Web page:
All the pomp and circumstance surrounding the seventieth anniversary of D-Day reminds me of how hard the movies have tried to capture the events of June 6, 1944. On this pivotal date, Allied troops landed on the beaches of Normandy, France, paying a huge price in human lives but also turning the tide of World War II. The Longest Day, from 1962, was an international spectacular starring every Hollywood bigwig from John Wayne to Robert Ryan to Henry Fonda to Robert Mitchum. Sean Connery appeared as a lowly private, just before winning fame for his breakout role as James Bond. France’s Arletty and Jean-Louis Barrault took part, as did Britain’s Richard Burton, Frank Finlay, and Peter Lawford. The big cast also found room for teen heartthrobs Sal Mineo, Paul Anka, and Tommy Sands. And famed novelists Romain Gary and James Jones were among those contributing to Cornelius Ryan’s screenplay, based on his bestselling non-fiction book.
Cut to 1998, when Steven Spielberg used the Normandy landings as a jumping-off place for his story of a soldier gone missing, Saving Private Ryan. Spielberg’s film was beaten out as Best Picture by Shakespeare in Love, in a year when two other war-related movies (Life is Beautiful and The Thin Red Line) were also in the running. Though I have some gripes about Saving Private Ryan, few will deny the power of Spielberg’s harrowing staging of the Normandy segment, as captured by Janusz Kaminski’s Oscar-winning camerawork.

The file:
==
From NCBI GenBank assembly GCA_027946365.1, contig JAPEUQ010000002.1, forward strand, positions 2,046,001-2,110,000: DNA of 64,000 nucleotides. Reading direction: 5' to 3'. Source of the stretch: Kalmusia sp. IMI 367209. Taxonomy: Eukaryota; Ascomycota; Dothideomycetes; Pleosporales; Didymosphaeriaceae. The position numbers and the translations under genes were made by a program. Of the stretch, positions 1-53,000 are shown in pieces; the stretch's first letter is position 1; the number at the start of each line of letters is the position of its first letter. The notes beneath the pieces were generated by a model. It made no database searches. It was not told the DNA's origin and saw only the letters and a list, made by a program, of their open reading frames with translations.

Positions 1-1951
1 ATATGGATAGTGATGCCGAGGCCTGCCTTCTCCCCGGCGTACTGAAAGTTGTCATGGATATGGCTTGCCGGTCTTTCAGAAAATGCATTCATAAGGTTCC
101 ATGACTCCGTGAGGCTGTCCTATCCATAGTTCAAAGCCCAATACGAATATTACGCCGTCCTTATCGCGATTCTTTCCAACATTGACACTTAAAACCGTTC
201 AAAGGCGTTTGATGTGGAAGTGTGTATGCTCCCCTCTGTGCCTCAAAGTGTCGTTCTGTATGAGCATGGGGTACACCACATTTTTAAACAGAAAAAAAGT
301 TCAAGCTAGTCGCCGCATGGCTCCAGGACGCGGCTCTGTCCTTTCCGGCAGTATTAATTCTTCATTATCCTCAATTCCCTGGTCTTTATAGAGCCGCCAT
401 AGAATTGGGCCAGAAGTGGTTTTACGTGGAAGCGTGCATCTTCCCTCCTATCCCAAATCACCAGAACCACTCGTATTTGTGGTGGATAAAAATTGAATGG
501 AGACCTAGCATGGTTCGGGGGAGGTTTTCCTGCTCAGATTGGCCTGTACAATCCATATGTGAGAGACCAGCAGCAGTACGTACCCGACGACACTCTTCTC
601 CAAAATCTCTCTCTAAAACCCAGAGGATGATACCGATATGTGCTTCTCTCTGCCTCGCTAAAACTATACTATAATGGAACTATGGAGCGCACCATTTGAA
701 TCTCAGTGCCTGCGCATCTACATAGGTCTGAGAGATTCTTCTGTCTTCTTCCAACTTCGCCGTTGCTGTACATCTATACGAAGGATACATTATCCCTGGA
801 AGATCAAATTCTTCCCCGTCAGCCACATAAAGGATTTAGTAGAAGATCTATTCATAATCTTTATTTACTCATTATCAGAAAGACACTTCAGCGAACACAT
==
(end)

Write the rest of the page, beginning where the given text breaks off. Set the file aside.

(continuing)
I salute, of course, the brave men and women who helped make D-Day a success. But there’s one aspect of that invasion I didn’t learn about in my high school and college history texts. In fact, it remained secret until 1996. I’m talking about the Ghost Army.
I first heard of the Ghost Army from Jack Masey. When I served as a guide at Osaka’a Expo 70, Jack was the honcho leading the U.S. Pavilion’s design team. I didn’t get to know Jack well then, but many years later—as we planned for a 2010 reunion—I had the pleasure of learning more about him. When he explained his service in World War II, I couldn’t quite follow. He was a designer and builder of fake military equipment? Come again?
The 23rd came ashore on D-Day with lightweight phony tanks, trucks, and aircraft that, when combined with sound effects recordings, gave the appearance of a major military presence. Members of the unit, who included young painter Ellsworth Kelly and future fashion designer Bill Blass, proved adept at deception, even hanging out at local cafes to spin stories designed to fool lurking Nazi spies. In a recent Memorial Day address, documentarian Rick Beyer paid tribute to these men: “They did not employ the steel of the bayonet, or the power of artillery, but instead wielded imagination, bravado, and creativity. They staged twenty-one different battlefield deceptions to keep the Germans guessing about the real strength and location of American forces.” How wonderful to know that artists too could use their skills to help save the world.